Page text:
File: Aerial view of the headquarters and the main factory of German carmaker BMW in the southern German city of Munich.
FRANKFURT - German high-end carmaker BMW on Thursday reported slumping second-quarter profits, with pricey investment in electric cars sapping the bottom line, but it remained confident of hitting targets.
Net profit at BMW fell 28,7% compared with a year earlier in the April-June period to €1,5-billion ($1,7-billion).
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Chief executive Harald Krueger said the Munich-based group was investing in the development of all-electric, hybrid and fuel cell vehicles, as well as upgrading traditional internal combustion engines.
BMW reported increased demand for its i3 compact car and pointed to five all-electric models slated for release over the coming two years.
An all-electric variant of the Mini is set to begin rolling off its Oxford, UK production line in November.
The broad development front meant "substantial upfront expenditure was again necessary," BMW said, amounting to €1,4 billion over the three months.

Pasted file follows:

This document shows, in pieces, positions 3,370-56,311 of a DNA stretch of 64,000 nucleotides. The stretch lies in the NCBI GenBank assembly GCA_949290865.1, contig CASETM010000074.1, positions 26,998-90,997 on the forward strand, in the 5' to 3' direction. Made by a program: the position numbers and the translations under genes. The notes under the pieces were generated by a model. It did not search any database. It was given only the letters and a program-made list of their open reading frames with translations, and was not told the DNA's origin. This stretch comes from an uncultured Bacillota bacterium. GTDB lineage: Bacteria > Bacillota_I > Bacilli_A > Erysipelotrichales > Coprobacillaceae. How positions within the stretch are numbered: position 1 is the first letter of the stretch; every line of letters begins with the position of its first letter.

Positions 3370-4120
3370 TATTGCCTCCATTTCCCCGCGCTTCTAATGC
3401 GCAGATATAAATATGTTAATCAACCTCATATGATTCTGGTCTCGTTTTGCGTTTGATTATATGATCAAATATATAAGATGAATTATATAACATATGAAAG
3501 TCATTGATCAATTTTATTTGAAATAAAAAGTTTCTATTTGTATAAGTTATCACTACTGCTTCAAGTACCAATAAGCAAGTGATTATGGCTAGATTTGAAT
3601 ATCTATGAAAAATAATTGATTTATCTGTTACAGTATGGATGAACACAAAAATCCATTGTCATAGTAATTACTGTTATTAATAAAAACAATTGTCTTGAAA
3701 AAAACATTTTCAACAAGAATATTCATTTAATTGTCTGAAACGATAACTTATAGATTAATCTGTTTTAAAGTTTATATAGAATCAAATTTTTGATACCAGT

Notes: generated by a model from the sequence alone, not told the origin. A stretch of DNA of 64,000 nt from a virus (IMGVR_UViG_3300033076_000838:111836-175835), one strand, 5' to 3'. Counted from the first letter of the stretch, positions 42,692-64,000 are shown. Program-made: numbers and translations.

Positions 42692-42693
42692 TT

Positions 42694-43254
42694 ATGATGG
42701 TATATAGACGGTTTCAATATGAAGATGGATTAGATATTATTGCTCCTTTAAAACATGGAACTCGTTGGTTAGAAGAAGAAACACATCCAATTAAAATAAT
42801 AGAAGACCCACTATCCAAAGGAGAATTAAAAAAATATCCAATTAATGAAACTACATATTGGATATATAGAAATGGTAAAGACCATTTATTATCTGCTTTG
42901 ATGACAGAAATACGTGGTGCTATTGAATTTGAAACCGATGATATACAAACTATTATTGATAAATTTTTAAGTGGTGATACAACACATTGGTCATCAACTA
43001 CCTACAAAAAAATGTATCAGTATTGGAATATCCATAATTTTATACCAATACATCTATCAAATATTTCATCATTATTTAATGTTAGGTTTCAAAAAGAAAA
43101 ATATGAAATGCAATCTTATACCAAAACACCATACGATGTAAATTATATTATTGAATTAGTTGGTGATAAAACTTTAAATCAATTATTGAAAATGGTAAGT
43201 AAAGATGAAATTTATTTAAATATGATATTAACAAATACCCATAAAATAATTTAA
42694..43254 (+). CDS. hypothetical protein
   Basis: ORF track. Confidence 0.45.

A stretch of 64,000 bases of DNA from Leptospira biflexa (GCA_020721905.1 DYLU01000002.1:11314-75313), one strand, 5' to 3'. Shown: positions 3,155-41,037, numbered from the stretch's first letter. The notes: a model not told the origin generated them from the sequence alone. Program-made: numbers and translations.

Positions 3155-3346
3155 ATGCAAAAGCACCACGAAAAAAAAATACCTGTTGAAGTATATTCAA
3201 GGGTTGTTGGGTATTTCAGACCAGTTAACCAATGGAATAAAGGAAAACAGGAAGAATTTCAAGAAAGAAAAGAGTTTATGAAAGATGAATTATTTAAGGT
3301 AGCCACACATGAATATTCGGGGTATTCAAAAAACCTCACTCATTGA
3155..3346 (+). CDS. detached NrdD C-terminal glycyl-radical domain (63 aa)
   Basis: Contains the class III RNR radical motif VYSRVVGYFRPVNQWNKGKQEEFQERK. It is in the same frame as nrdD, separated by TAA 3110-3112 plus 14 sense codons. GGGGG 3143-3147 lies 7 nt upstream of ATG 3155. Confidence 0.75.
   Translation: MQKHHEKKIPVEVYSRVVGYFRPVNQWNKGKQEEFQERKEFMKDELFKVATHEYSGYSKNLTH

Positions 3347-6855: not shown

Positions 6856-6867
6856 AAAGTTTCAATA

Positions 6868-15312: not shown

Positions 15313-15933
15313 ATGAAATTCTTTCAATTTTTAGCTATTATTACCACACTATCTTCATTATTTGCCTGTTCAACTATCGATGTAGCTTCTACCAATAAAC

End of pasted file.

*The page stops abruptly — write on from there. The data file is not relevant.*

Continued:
Sales increased 2,9%, to €25,7-billion, but operating, or underlying profit fell 28.4% to €2 billion.
BMW highlighted that it had managed to increase unit sales in the first half, climbing 0,8% to more than 1,2million units, pushing back against a global auto market predicted to contract over 2019.
Looking ahead to the full year, the firm confirmed its outlook for a "slight increase in the number of deliveries".
After setting aside a provision of €1,4 billion for an antitrust probe underway at the European Commission, BMW expects an operating margin of 4,5 to 6,5% -- down from 10,1% in 2018.